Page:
teer groups collaborate to learn their way through thislocal and highly challenging version of the global bio-diversity crisis. Well before the quantitative results ofmost formal experiments are gathered, native-plantgrowers will have found ecological combinations thatwork for a given site, through systematic trial-and-error, common sense, and occasional hints from therecords of the past. At Makauwahi, for instance, thefirst appearance in the record of Polynesian-introducedPacific rats (Rattus exulans) coincides with the suddendisappearance of nutritious, thin-shelled seeds of thenative Pritchardia palms; thick-shelled seeds ofZanthoxylum spp, on the other hand, have persisted wellpast this date. This hints strongly that native palmscould only be re-established if there is effective rat con-trol, and the project members have followed this“advice” from the fossil record, through the establish-ment of rat-free zones. Where this is not feasible, netbags or wire cages are placed over the Pritchardia inflo-rescences, to protect developing seeds.

So far, it is safe to say only that each site poses uniquechallenges, so that horticultural generalizations are lessuseful than site-specific knowledge. For instance, it isbecoming clear that on drier sites (perhaps < 1500 mm ofrainfall per year), certain native ground-cover speciescan effectively compete with many invasive weeds ifgiven a head start under the right circumstances. Wettersites, on the other hand, have so far been manageableonly with labor-intensive hand removal or mowing – or ascale of long-term herbicide use larger than many profes-sionals would prefer and potentially more disruptivethan a large segment of the local public would condonefor a “natural” area.

One interesting question for ecologists, conserva-tionists, and resource economists has often beenposed by visitors. What are the ultimate fates andpurposes of these inter-situ sites on Kaua`i? An obvi-ous motivation is to provide additional habitat tonewly created or enhanced populations of nativeplants, including rare island endemics. This is agiven, and the initial results are exciting and gratify-

ing, even in the face of the continued grim crisis ofbiodiversity loss in Hawai`i. In both theory and prac-tice, however, other uses are emerging, some quiteobviously utilitarian.

Extractive reserves

On sites reclaimed from fallow agricultural fields initiallylacking native species, such as Makauwahi Unit 2, theplanting design and management approach have frominception been geared toward creating a place that will bemanaged as an extractive reserve. Plants established here,and their offspring, are providing nursery stock for otherrestorations and gardens, plant products useful to nativeherbalists, craftsmen, and woodcrafters, taxonomic andgenetic study material, and other biological resources tobe managed sustainably. One project underway at severalNTBG sites and Makauwahi involves production ofnative plants used in lei-making, including the covetedmaile vine (Alyxia stellata), currently at risk of over-har-vesting in the island’s native forests.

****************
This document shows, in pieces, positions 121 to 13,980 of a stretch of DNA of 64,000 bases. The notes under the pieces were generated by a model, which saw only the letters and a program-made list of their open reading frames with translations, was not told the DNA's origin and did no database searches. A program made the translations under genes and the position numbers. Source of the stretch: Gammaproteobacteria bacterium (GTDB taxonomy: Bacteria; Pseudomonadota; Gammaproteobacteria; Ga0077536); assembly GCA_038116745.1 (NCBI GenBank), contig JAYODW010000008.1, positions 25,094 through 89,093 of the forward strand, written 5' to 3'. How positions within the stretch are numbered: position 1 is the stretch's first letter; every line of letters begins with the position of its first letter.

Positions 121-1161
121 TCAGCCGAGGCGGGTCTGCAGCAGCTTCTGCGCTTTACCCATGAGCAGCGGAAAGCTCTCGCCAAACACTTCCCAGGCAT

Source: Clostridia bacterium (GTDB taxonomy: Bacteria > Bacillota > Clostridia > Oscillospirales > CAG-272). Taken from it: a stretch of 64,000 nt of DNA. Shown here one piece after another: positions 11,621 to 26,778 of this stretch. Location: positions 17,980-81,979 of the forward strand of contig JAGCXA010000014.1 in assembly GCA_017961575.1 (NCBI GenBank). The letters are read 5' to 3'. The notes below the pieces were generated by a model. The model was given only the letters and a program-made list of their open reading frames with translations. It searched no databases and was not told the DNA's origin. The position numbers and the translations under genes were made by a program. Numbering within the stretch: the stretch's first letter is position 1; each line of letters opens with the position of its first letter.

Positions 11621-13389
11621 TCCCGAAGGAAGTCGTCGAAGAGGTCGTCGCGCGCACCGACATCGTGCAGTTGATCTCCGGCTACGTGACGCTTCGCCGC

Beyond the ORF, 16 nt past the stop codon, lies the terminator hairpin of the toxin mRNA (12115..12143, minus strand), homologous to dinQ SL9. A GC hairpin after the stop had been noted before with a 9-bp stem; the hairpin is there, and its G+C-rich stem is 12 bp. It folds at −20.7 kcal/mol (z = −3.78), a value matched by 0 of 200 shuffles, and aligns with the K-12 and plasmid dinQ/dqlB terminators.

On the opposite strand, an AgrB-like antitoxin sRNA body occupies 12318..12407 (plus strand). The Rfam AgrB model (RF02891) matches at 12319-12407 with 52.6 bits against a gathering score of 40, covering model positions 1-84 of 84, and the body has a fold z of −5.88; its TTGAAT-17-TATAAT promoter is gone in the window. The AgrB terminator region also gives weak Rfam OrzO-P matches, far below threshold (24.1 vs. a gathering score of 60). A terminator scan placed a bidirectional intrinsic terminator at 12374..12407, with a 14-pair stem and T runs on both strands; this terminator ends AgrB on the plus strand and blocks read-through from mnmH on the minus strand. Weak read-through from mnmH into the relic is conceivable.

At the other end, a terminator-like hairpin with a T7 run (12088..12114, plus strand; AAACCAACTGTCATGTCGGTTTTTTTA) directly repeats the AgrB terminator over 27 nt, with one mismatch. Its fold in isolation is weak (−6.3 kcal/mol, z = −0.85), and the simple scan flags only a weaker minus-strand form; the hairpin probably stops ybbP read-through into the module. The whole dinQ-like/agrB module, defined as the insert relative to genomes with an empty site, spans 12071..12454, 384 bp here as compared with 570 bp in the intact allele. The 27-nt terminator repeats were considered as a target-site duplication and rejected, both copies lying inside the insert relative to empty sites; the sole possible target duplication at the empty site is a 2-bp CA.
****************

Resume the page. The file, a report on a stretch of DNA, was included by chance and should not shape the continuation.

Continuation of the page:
In addition to native plants, some restoration sites con-tain areas that target not pre-human Kaua`i, but earlyPolynesian times, as a reference system for restoration. AtLawai-kai, for instance, the stated goal of the restorationproject is to reconstruct the plant community, inferredfrom fossil pollen and seed studies in the area, as it mighthave appeared shortly after Polynesian arrival. Thus,some restorations feature plants believed from the fossiland archaeological record, and generally confirmed bytraditional lore, to have come in the double-hulledcanoes of the founders of the Hawaiian people. Of specialinterest in this regard are projects that focus on ex-situ orinter-situ preservation of old Hawaiian cultivars or land-races of breadfruit, banana, coconut, sweet potatoes, andthat key Polynesian staple crop, taro (Colocasia esculenta).Historical documents, ethnographic accounts, and eventhe rare find of a centuries-old yam tuber in the sedimentsof Makauwahi Cave (Burney and Kikuchi 2006), supportthe idea that such root crops were grown in these dryareas in pre-contact Hawai`i.

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Environmental education

These projects have the right mix of aesthetic appeal andinformal education to attract a portion of Hawai`i’s massivetourist trade, but they also stand up well as high-quality, for-mal, outdoor education for kindergarten to post-doctoraland adult outreach projects. NTBG sponsors clubs in all theisland’s high schools – called Junior Restoration Teams(JRT) – that channel interested students into a multi-ses-sion training program of up to 8 days per year, in whichthese young applied ecologists conduct the restoration workdescribed in this article. Last year, over 650 local studentsparticipated in this program. By the end of the school year,they had worked through a complete syllabus of field ses-sions providing on-the-job training in invasive species con-trol, native-plant propagation, cultural-site restoration,stream management, GIS – even paleoecology. JRT mem-bers, like other school groups, come to understand fully themeaning of biodiversity loss when they excavate and cata-logue sub-fossil plants and animals in Makauwahi Cave,then go out to the field and help to reintroduce many of thesame species to their former habitats (Figure 5).